When admitted to the New York State Bar in 1905, Mary Grace Quackenbos (later Humiston) was one of only a thousand female lawyers practicing in the entire U.S. Grace oversaw the People's Law Firm, which helped low-income immigrants to New York City with their legal problems. She worked tirelessly for those who were falsely accused and even obtained more than one last-minute stay of execution. In 1907, she uncovered a human trafficking ring that lured Italian immigrants to southern plantations with promises of high wages. The Greenville Times described her efforts, writing, "In other words, she is just raising hell, as is usual with a professional woman." In 1917, she solved the mystery of Ruth Cruger, a young woman whose disappearance had captivated New York City and spurred increased attention to the issue of trafficked girls. Ricca's narrative history bridges legal thrillers and detective stories. Fans of Erik Larson's books will enjoy reading about Grace Humiston's remarkable career in an era when women were still fighting for the right to vote. Copyright 2016 Booklist Reviews.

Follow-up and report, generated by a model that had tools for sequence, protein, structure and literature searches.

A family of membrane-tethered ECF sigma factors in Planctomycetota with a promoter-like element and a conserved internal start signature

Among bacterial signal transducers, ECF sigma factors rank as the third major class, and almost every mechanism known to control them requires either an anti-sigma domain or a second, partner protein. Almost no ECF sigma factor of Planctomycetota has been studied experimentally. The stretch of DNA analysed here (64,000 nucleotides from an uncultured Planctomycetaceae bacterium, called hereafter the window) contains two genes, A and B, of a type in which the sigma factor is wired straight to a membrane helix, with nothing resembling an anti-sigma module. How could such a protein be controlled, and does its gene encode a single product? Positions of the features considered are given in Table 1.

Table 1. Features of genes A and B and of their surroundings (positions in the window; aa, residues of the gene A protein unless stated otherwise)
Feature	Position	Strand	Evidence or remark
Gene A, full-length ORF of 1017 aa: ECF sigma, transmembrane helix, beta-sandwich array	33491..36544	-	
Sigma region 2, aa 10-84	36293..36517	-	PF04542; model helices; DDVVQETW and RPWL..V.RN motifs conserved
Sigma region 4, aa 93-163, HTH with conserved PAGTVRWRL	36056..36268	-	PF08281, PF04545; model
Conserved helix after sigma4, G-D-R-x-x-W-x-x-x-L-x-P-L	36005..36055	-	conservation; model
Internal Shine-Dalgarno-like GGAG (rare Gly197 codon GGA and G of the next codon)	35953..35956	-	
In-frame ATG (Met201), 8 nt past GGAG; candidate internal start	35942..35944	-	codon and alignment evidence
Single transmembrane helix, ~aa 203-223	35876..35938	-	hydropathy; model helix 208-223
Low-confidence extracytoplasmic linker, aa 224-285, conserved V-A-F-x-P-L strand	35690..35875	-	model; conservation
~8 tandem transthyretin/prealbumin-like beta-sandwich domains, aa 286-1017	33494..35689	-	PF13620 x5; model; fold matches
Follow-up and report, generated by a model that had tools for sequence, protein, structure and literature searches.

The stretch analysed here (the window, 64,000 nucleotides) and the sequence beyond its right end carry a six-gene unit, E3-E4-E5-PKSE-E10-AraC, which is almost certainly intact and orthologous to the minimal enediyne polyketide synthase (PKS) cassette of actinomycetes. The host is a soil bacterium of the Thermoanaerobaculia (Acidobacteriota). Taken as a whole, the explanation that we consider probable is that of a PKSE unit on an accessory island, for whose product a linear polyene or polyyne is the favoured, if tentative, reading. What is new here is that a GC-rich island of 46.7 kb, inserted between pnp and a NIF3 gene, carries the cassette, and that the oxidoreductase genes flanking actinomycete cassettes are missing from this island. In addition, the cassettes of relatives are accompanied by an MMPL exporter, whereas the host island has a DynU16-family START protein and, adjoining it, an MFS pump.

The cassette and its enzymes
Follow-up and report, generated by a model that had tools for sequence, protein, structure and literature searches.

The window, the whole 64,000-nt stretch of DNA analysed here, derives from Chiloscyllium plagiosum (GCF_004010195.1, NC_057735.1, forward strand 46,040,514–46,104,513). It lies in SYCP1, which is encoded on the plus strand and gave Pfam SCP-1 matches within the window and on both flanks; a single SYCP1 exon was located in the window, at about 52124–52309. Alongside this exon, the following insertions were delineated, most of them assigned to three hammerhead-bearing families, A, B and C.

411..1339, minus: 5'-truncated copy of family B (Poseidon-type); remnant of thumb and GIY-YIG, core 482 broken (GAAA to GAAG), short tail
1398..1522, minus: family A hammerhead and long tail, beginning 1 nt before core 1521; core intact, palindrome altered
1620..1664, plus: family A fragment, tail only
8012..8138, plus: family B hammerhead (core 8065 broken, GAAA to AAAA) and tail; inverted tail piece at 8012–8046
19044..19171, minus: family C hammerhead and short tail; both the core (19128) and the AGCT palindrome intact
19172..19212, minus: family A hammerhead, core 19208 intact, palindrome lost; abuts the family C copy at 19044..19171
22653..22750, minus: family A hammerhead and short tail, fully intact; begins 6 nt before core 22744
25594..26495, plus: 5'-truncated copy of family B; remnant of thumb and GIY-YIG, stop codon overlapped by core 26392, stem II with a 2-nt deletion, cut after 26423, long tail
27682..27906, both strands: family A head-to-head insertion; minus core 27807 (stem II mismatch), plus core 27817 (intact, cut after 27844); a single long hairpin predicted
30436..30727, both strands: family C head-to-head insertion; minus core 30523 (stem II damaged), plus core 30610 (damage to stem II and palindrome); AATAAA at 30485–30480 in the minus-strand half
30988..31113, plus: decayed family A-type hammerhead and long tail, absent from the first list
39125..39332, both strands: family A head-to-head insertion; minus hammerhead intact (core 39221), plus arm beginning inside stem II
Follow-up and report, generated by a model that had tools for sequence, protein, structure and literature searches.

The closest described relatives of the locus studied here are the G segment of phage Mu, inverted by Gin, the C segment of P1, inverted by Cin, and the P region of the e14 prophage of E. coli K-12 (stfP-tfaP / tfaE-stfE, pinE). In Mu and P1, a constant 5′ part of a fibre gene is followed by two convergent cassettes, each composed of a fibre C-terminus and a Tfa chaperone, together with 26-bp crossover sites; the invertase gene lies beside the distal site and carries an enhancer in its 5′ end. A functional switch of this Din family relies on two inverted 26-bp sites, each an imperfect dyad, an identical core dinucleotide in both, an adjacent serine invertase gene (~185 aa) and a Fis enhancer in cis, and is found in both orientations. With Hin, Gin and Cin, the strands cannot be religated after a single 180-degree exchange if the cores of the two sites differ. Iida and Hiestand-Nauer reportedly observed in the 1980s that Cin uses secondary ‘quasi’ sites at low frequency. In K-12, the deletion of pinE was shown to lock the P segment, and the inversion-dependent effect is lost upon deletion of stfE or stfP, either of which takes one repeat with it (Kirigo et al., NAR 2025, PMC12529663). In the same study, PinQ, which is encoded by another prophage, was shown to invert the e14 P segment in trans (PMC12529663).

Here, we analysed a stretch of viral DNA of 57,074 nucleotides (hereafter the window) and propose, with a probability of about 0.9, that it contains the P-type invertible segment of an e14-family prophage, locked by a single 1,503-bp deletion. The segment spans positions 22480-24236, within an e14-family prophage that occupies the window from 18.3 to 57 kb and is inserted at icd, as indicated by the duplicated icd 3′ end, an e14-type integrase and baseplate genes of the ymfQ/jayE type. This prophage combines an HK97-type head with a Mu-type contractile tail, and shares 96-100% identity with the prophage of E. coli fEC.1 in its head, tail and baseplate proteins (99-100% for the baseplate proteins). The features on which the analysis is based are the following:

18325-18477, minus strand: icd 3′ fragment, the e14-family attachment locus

The author of Super Boys: The Amazing Adventures of Jerry Siegel and Joe Shuster—The Creators of Superman (2013) returns with the astonishing story of the first female U.S. district attorney.Ricca, an authority on comics and a SAGES fellow at Case Western Reserve University, crafts an express train of a story that follows the career of the woman born Mary Grace Winterton (1869-1948), who had two failed marriages, during which her surname became first Quackenbos and then Humiston (the name she bears through much of the text). Ricca's focus is on her most spectacular case, that of young Ruth Cruger, a recent high school graduate who, in February 1917, disappeared after getting her ice skates sharpened at a neighborhood shop in Harlem. In the early sections of the book, the author artfully—even cinematically—shifts our attention, chapter by chapter, among the Cruger case and some of Humiston's earlier cases, which required staggering amounts of travel and research and even danger for Humiston, who'd earned a law degree but would eventually segue into full-time investigations of the cases that obsessed her. She would also galvanize the newspaper-reading public, making her a celebrity and earning her the name in the book's title. Many cases involved the disappearance and/or abuse of girls and women. Ricca had to rely heavily on newspaper and magazine accounts (there are 45 pages of endnotes) because all the official records of most of her cases were destroyed by accident or intent. Throughout—as he acknowledges near the end—the author breathes life into the narrative by imagining gestures, thoughts, attitudes, and ruminations for his characters. After some very high-profile successes, Humiston's career began to crack when she went after the military near the end of World War I, and she died in virtual obscurity. Rapid, compelling storytelling informed by rigorous research and enlivened by fecund imagination. Copyright Kirkus 2016 Kirkus/BPI Communications. All rights reserved.